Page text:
What is Milk Paint? And Why Should I Use It?
What is milk paint?
It's a water-based and eco-friendly paint made from purely natural ingredients like clay, milk protein, lime, and pigment. It is quick-drying paint that boasts other numerous benefits.
What are milk paint's benefits?
It's biodegradable and an excellent choice for those who want to avoid harsh chemicals. Here is the unique part; it dries in half an hour! This is much more preferable to the twenty-four-hour or more wait time needed for oil based paints. Milk paint is generally sold in both powder and liquid form but lasts longer in the powdered form.
What can I use milk paint on?
You can use it on wood, glass, plastic, drywall, plaster, and surprisingly, metal. This can include furniture, candlestick holders, trinkets, you name it! It works exceptionally well on vintage furniture, and better yet if that furniture is wooden.
Application of milk paint
Does the surface need to be sanded or primer applied before the application of milk paint? The answer is no! Virtually no extra work is required other than mixing it if need be and using it.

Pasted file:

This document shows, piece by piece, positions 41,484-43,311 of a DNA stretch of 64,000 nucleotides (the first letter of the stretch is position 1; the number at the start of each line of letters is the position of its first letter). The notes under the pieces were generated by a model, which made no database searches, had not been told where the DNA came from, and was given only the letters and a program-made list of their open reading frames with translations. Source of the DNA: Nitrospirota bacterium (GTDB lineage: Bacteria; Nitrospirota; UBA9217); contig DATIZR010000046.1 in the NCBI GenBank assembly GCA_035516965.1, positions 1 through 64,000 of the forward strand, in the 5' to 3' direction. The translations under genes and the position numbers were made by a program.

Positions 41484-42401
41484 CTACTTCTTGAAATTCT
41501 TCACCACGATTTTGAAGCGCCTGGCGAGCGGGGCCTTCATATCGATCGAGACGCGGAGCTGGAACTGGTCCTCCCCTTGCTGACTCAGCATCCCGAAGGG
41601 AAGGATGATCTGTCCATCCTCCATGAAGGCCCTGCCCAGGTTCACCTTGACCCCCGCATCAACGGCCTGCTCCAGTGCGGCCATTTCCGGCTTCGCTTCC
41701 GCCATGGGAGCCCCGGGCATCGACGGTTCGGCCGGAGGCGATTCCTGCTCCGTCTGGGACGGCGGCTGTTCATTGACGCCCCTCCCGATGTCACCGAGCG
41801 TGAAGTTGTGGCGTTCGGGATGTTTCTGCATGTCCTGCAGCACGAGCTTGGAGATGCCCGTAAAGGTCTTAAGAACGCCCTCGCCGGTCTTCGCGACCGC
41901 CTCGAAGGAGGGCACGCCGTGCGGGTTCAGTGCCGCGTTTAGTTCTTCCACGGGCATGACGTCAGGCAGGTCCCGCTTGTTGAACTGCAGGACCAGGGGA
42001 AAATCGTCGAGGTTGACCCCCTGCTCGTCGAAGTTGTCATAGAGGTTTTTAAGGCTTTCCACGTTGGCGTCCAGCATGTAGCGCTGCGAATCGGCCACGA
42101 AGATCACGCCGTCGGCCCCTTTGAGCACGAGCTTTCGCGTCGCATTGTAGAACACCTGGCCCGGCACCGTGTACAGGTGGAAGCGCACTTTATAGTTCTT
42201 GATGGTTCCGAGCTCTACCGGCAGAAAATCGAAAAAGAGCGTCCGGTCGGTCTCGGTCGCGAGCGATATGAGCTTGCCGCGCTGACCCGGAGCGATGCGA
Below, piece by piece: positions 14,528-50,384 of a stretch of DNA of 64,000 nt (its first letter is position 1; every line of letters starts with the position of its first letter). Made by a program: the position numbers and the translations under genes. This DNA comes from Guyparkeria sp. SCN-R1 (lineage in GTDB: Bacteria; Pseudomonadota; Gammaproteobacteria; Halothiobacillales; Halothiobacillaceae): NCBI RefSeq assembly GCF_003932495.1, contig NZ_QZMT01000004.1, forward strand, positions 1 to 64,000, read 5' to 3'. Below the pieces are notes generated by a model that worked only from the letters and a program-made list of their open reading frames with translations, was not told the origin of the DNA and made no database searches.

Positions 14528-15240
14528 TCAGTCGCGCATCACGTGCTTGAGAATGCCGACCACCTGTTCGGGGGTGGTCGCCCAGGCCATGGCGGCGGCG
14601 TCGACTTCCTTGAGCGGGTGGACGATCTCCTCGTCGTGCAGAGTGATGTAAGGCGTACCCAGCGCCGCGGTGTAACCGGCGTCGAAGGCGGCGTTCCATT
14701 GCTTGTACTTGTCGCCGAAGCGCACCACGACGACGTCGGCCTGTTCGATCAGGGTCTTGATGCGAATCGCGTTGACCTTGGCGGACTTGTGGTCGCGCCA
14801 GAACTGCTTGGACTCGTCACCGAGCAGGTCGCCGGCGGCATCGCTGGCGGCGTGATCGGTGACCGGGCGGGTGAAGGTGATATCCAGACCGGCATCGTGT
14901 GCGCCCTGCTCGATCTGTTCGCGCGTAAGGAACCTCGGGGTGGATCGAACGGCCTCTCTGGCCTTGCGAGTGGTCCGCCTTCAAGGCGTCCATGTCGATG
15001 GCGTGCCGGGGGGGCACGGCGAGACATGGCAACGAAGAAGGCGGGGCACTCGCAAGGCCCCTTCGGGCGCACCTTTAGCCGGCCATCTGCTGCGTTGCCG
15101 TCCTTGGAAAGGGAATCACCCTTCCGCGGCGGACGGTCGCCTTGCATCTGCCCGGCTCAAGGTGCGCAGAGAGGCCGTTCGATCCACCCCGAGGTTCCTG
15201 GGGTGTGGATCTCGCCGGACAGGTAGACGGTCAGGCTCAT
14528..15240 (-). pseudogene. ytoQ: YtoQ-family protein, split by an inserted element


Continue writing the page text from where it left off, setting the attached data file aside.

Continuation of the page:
What interior design styles benefit from milk paint?
The styles that benefit from milk paint are the Farmhouse style as well as the Transitional style. Although both of these styles use it, Farmhouse uses it much more often. The reasoning for Farmhouse's heavy utilization is due to the rustication and simple-living vibe that emits from the finish on the wood, metal, and other surfaces. The thin consistency of milk paint varies through the application, giving a distressed look. If you would like it to be a little more consistent, like for a Transitional style home, adding a bonding agent will provide the best of both worlds (the consistency of oil paint but the rustication of milk paint).
Milk paint vs. chalk paint
Are they similar? Yes. Are they the same? No. Chalk paint is made from different materials. Chalk paint is usually made with calcium carbonate, talc, and pigment. These pigments can sometimes be natural but are most often created in a lab, and the same goes for the calcium carbonate and talc. Milk paint is relatively cost-effective compared to chalk paint and dries more quickly due to having a thinner consistency.